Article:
BYOD: Technology NOT just a Tool

Bring Your Own Device (BYOD)

More and more school boards are adopting their own BYOD policy. Although there are a fewBYOD in the Classroom cautions to this type of policy, such as security of property, but the advantages are tremendous. BYOD policies allow for collaboration because students can share devices, it adds extra tools to make lessons engaging through differentiated instruction, allows students to be prepared for 21st Century learning and technological fluencies, and encourages cloud storage and/or USB’s in order to go paperless. The flexibility of this type of policy also allows for teachers to use it at their discretion and comfortability. We are in a new educational era where technology is not just a tool, but a source of engagement, creativity, collaboration, and critical-thinking. This is in line with 21st Learning, which encompasses Collaboration, Creativity, Communication, and Critical thinking.

BYOD Tools for the Classroom:

Google in Education – Great resource for Google apps, reference guides, and lessons.

Khan Academy – This site offers a wide array of visually appealing videos for all subject areas, mainly focusing on Math and Science.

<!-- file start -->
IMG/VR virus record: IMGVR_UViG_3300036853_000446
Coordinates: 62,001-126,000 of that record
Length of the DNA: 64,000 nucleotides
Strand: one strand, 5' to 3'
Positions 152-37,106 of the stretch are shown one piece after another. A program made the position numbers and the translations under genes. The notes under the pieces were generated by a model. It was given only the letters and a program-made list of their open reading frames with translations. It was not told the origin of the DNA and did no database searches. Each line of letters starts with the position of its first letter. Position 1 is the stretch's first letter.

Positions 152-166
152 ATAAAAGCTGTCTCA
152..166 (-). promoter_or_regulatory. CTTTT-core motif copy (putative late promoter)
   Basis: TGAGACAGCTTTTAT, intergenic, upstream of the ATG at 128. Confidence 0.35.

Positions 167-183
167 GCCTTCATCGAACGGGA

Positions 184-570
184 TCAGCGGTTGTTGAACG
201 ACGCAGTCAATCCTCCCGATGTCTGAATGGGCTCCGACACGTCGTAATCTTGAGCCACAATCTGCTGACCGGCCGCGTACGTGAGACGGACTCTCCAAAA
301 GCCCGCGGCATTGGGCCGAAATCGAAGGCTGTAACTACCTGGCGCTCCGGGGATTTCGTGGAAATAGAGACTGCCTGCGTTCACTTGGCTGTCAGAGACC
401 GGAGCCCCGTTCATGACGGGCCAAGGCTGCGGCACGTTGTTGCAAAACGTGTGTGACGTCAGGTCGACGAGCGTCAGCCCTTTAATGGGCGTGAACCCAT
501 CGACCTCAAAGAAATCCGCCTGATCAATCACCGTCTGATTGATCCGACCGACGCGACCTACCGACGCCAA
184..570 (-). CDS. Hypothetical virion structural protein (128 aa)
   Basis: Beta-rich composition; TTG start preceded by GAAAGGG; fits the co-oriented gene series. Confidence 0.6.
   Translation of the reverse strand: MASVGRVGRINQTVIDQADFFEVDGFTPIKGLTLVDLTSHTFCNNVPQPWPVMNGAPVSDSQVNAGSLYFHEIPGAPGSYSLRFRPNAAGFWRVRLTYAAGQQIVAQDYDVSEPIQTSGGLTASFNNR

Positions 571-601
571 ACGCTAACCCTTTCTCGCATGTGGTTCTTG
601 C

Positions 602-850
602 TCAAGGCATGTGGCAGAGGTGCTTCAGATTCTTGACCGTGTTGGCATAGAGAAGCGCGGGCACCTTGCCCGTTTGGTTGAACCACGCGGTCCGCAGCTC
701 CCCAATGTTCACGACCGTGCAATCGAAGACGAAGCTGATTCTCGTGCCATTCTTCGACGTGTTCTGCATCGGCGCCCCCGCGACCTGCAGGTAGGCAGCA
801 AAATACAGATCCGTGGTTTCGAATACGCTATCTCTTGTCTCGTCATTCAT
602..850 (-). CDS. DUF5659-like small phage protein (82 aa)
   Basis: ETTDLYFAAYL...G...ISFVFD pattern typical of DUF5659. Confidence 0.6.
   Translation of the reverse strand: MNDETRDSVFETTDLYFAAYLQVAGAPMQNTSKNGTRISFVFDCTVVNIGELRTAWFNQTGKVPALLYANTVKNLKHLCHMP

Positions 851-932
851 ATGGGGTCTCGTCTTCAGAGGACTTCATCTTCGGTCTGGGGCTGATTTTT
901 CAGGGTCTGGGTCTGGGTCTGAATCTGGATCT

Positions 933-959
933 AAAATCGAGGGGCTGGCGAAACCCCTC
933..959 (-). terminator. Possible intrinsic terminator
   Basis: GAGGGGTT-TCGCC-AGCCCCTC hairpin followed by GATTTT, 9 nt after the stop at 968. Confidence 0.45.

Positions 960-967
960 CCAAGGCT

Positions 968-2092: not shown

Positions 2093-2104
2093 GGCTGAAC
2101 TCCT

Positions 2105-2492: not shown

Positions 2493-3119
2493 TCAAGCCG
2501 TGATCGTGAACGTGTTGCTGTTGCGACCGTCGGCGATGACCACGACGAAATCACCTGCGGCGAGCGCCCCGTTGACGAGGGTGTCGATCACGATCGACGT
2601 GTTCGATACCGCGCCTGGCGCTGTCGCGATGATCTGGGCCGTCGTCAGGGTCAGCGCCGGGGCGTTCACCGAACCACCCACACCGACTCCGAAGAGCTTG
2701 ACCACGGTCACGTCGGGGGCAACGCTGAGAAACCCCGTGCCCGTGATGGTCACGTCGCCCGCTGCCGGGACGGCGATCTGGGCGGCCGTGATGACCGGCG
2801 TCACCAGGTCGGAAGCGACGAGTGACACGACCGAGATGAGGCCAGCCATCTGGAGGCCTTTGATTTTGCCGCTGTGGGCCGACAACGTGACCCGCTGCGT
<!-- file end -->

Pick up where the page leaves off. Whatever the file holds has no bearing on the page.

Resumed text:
Skype – Free and use to use. Great for guest presentations from around the world.
 
Free eBooks – Any explanation needed? 

BYOD Tools for Science:

LaunchPad – Mainly for Science and Mathies. Students problem solve and can even create their own mazes to stump their friends. 

Inspiration in the Classroom:

2 thoughts on “BYOD: Technology NOT just a Tool

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  1. Does your school board make it mandatory to have a security app as well? At the hospital our apps require a password or fingerprint every time you exit the app or switch off your screen. We also use apps like Entrust and Blackberry Work for added security for work related emails and external logins due to the access to personal health information.

    1. My school board doesn’t use a third-party app such as the one your hospital uses. Instead, we’re required to have a 6-digit passcode on our phones (as opposed to the 4-digit ones), as well as multiple login prompts to access student information.

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